In the brief note James Baldwin has written as an introduction to the published version of Blues for Mr. Charlie, the only character he mentions at any length is the man appearing in the play as Lyle Britten, a white store-owner in a Southern town who murders a young Negro Baldwin says of the killer, “We have the duty to try to understand this wretched man.” But in the play that follows, the writer’s sense of this particular duty seems to me to fail him. The compassionate regard for the character that Baldwin means to convey by the adjective “wretched” is not the same quality of emotion that informs his imagination when he is examining the man in his wretchedness. Being dutiful to the murderer is not Baldwin’s overriding moral impulse. Rather, a conflict of impulses—duties towards a variety of causes of which, unfortunately, the cause of art seems to have inspired the weakest loyalty—prevents Baldwin from fixing his attention upon his subject and increasing “understanding,” his or ours. I think of this Introduction (dated April 1964) as an attempt by the writer to remember where it was he may have begun, for that is not where he has ended. I don’t intend to hold a play deficient for failing an intention whose execution may properly have been thwarted in the act of writing, and is perhaps only recalled here in nostalgia for some purity of purpose. The deficiency is in the failure to be true not to the particular intention announced in the Introduction, but to those numerous intentions apparent in the first act, all most worthy, but none able to survive the unhealthy competition.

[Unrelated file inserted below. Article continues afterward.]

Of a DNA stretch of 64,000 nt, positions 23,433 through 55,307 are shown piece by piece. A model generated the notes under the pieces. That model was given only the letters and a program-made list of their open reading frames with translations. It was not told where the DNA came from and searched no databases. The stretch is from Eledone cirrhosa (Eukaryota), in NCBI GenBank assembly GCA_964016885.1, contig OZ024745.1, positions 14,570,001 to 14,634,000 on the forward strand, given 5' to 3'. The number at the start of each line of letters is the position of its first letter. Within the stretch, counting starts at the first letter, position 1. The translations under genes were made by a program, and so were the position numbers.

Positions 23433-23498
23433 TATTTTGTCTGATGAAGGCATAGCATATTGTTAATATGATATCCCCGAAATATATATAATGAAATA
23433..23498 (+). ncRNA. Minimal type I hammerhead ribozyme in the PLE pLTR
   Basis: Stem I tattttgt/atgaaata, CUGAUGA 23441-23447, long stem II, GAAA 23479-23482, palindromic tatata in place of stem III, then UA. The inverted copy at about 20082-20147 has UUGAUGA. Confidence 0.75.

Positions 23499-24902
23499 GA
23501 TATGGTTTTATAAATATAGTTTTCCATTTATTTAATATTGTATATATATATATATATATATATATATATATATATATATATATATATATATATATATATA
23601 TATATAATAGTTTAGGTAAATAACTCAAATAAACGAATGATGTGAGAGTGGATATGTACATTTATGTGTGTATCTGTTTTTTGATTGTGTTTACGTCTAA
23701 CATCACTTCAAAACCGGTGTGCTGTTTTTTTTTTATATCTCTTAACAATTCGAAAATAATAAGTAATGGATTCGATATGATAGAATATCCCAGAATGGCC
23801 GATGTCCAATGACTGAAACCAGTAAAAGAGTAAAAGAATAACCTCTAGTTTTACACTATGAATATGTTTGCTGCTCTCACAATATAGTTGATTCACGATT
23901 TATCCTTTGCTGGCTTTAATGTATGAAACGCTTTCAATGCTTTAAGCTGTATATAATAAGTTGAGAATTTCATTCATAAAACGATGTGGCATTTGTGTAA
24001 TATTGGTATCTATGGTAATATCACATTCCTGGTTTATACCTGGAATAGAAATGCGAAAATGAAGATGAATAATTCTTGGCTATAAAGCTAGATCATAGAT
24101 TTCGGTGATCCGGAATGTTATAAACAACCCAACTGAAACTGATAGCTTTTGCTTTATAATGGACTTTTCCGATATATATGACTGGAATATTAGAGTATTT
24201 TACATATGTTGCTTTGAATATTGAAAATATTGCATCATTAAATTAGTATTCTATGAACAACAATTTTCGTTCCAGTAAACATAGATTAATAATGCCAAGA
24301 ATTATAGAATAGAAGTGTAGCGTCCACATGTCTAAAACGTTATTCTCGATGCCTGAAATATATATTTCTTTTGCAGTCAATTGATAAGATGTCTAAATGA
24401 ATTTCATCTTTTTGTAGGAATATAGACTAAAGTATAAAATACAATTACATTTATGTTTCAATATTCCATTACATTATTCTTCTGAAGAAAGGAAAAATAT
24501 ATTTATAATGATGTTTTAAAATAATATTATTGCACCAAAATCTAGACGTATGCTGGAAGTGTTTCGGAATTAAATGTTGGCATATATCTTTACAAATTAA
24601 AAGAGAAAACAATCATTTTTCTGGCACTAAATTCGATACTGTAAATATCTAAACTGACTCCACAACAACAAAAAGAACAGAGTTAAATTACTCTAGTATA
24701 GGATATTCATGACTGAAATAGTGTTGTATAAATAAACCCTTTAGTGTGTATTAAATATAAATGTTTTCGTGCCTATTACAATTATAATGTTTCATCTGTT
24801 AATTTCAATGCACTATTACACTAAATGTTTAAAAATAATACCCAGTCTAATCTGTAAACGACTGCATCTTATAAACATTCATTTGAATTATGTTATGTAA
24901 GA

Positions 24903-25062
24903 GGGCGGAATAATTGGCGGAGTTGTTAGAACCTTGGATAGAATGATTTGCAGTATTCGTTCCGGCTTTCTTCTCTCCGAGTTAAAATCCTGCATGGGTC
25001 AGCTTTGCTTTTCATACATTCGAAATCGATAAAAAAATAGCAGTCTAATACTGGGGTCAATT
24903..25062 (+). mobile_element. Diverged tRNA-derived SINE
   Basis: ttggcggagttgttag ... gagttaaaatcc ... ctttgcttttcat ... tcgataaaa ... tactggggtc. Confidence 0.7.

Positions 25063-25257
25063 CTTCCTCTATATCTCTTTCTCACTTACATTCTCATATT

The play begins with the murder of the Negro, Richard Henry, a young man who has returned to the South from New York, where he started out as a jazz musician and ended up as a junkie. The man who shoots him, Lyle Britten, owns a country store which returns him little profit in good times, and is now returning hardly any because of a Negro boycott. Britten is a simple, ignorant young man married to a simple and ignorant young woman; they have a baby they love and friends who are fond of them and who, like the Brittens, are baffled and angered by the demonstrations, the marches, the boycotts, organized by the Negroes in the town. Britten and Richard meet shortly after Richard’s arrival back home. Instantly Lyle hates Richard for being black and arrogant, as Richard hates him for being white and arrogant—and for being a killer too, for Lyle had already murdered a colored man years ago and gone unpunished for it. After a couple of accidental but angry encounters, culminating in Richard knocking Lyle down in front of his wife, the white man comes hunting the black man with a gun.
It is the shots fired from this gun that open the play. When the curtain rises, we see Lyle carrying …
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